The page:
LOVE wing’d my Hopes and taught me how to fly
Far from base earth, but not to mount too high:
        For true pleasure
        Lives in measure,
        Which if men forsake,
Blinded they into folly run and grief for pleasure take.

But my vain Hopes, proud of their new-taught flight,
Enamour’d sought to woo the sun’s fair light,
        Whose rich brightness
        Moved their lightness
        To aspire so high
That, all scorch’d and consumed with fire, now drown’d in
     woe they lie.

And none but Love their woeful hap did rue,
For Love did know that their desires were true;
     Though Fate frownàed,
     And now drownàed
     They in sorrow dwell,
It was the purest light of heav’n for whose fair love they fell.

72   Madrigal

Davison’s Poetical Rhapsody, 1602

MY Love in her attire doth show her wit,
It doth so well become her;
For every season she hath dressings fit,
   For Winter, Spring, and Summer.
     No beauty she doth miss
       When all her robes are on:
     But Beauty’s self she is
       When all her robes are gone.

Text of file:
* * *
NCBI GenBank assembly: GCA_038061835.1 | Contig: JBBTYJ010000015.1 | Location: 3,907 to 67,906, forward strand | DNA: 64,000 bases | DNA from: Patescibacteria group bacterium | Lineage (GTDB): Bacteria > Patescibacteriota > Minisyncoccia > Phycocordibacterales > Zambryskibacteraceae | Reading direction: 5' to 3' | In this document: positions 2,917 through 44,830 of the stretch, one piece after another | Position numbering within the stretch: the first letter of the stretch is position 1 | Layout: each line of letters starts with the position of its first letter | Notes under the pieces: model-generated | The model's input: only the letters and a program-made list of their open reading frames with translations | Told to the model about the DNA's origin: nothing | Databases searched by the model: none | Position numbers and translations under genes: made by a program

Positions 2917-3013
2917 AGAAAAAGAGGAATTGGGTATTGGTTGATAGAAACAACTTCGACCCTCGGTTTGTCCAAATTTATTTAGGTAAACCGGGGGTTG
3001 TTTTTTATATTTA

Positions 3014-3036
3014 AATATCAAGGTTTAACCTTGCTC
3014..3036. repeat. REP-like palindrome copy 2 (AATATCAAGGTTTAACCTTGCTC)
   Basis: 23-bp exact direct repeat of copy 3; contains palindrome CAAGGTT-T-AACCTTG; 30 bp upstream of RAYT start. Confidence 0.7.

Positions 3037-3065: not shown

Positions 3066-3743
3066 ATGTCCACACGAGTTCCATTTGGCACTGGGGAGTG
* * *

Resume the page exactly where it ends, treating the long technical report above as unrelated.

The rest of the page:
73   How can the Heart forget her?

Davison’s Poetical Rhapsody, 1602

AT her fair hands how have I grace entreated
With prayers oft repeated!
Yet still my love is thwarted:
Heart, let her go, for she’ll not be converted—
                Say, shall she go?
                O no, no, no, no, no!
She is most fair, though she be marble-hearted.

How often have my sighs declared my anguish,
Wherein I daily languish!
Yet still she doth procure it:
Heart, let her go, for I can not endure it—
                Say, shall she go?
                O no, no, no, no, no!
She gave the wound, and she alone must cure it.

But shall I still a true affection owe her,
Which prayers, sighs, tears do show her,
And shall she still disdain me?
Heart, let her go, if they no grace can gain me—
                Say, shall she go?
                O no, no, no, no, no!
She made me hers, and hers she will retain me.

But if the love that hath and still doth burn me
No love at length return me,
Out of my thoughts I’ll set her:
Heart, let her go, O heart I pray thee, let her!
                Say, shall she go?
                O no, no, no, no, no!
Fix’d in the heart, how can the heart forget her?

74   Tears

John Dowland’s Third and Last
             Book of Songs or Airs
, 1603

WEEP you no more, sad fountains;
   What need you flow so fast?
Look how the snowy mountains
   Heaven’s sun doth gently waste!
But my Sun’s heavenly eyes
     View not your weeping,
     That now lies sleeping
Softly, now softly lies

Sleep is a reconciling,
     A rest that peace begets;
Doth not the sun rise smiling
     When fair at even he sets?
Rest you then, rest, sad eyes!
       Melt not in weeping,
       While she lies sleeping
Softly, now softly lies

75   My Lady’s Tears

John Dowland’s Third and Last
     Book of Songs or Airs
, 1603

  By PanEris using Melati.

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